The shortage of U.S. graduates in the Science/Technology/Engineering/Mathematics (STEM) fields is well documented. In April 2009, in a moving speech to the National Academy of Sciences, President Barack Obama gave a rally cry calling for the improvement of scientific standards in the United States. He stressed that the education of the military and citizens of the United States in critical areas of science and technology is paramount for this nation’s defense and security. Since his call to return the United States to a position of dominance in the STEM areas, funding opportunities by both federal and private agencies have been initiated to stimulate interest and promote academic opportunities in the sciences, mathematics and other technology fields.  Because the lack of engineering know-how may jeopardize a firm’s ability to innovate, and directly lead to a decrease in job creation in other technology based fields, the need for future scientists and engineers is particularly strong. In fact, recent polls from leading employers demonstrate that engineering positions are some of the hardest to fill. As a result, students graduating with engineering degrees are in high demand and are rewarded with high starting salaries.

There are a variety of career paths for engineers.  Some perform pure research and are typically employed by companies with large investments in research and development, such as General Electric, 3M or Dupont.  Many engineers work in product development, where they design components, assemblies, electro-mechanical devices, software or whole physical systems.  Some perform process engineering functions, where they design the production processes used in manufacturing, such as oil refineries or appliance manufacturers.  Some work on the marketing or sales side of an organization, performing tasks such as technical marketing, product training functions and product management.  It all depends on the engineer’s career aspirations and areas of interest.  Some may enjoy the lab setting, some may want to be in a factory or field setting, and others may want to work closely with customers.  Over time some engineers may become project engineers where they manage the development and implementation of large scale projects, some may take on departmental management roles, while others may choose to remain close to their original job responsibilities.  Here is a list of the different engineering disciplines and the employment opportunties for each:  What can I do with an engineering degree?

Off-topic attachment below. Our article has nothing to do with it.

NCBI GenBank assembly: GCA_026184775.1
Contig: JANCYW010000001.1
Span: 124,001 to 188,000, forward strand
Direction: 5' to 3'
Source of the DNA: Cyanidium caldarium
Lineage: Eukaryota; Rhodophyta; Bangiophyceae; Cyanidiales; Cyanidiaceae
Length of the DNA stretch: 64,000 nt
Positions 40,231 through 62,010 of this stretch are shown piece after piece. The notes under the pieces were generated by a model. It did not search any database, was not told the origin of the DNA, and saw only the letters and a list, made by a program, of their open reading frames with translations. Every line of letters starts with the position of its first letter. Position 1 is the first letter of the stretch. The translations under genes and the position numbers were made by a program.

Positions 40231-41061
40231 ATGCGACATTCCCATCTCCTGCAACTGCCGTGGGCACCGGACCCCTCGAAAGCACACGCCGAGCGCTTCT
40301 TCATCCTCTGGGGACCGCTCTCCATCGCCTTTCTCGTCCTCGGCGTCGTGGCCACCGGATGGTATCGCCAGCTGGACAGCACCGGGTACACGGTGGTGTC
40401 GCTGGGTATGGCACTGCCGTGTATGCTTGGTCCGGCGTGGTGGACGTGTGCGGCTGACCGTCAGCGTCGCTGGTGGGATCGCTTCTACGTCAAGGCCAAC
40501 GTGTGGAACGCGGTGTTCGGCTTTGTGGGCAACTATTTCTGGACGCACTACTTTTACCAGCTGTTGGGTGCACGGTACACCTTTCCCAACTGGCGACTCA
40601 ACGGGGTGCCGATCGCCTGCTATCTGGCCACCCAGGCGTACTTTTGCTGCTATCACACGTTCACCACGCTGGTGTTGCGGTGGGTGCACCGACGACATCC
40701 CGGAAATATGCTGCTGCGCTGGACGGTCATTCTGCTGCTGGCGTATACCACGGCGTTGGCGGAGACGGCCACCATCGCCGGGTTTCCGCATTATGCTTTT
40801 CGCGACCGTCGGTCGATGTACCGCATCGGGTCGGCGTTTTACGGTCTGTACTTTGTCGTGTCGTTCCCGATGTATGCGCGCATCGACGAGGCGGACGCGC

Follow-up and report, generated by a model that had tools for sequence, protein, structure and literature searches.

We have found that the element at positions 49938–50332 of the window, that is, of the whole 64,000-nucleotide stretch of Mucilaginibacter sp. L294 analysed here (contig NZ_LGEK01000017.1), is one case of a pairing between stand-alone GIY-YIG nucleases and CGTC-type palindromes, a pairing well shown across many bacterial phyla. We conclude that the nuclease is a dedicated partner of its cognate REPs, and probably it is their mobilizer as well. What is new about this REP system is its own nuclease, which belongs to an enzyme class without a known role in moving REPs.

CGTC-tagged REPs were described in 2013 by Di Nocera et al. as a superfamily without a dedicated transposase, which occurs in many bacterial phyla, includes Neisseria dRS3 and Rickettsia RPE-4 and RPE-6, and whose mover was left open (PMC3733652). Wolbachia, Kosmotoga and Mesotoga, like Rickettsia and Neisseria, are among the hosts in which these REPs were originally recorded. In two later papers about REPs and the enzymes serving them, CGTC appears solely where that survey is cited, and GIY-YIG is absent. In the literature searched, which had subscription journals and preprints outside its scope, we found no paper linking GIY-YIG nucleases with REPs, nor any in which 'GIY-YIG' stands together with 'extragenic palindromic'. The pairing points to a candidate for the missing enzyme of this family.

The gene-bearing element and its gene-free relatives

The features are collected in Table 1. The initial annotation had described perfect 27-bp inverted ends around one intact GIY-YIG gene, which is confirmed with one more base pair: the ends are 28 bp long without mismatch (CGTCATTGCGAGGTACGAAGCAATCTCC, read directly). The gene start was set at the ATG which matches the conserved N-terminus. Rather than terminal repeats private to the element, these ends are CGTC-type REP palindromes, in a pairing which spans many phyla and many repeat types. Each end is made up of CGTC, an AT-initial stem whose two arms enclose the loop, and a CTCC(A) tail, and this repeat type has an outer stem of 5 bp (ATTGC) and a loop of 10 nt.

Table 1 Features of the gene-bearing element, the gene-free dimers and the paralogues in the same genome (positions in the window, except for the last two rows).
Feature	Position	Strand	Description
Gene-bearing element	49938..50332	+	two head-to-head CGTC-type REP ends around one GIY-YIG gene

The University of Notre Dame has a national employer database, and a strong on campus recruiting program. The Notre Dame Career Center has a variety of resources for career exploration, internship and job searches, and resume writing. There are three career fairs each year, with one devoted strictly to engineering. There are approximately 85 firms that attend the fair each year. The largest single employer of the University of Notre Dame engineering graduates is General Electric. For the eastern Pennsylvania region, Johnson & Johnson is the leading employer. Recent University of Notre Dame computer science graduates have landed jobs with Microsoft, Yahoo, Google and Hewlett Packard. The program with Notre Dame allows students to major in one of six engineering disciplines, many of which also have specific areas of concentration, which may enhance a student's ability to secure a job in their area of interest.

The University of Notre Dame also has a strong ROTC program, and there is a strong presence of government and military recruiting on campus.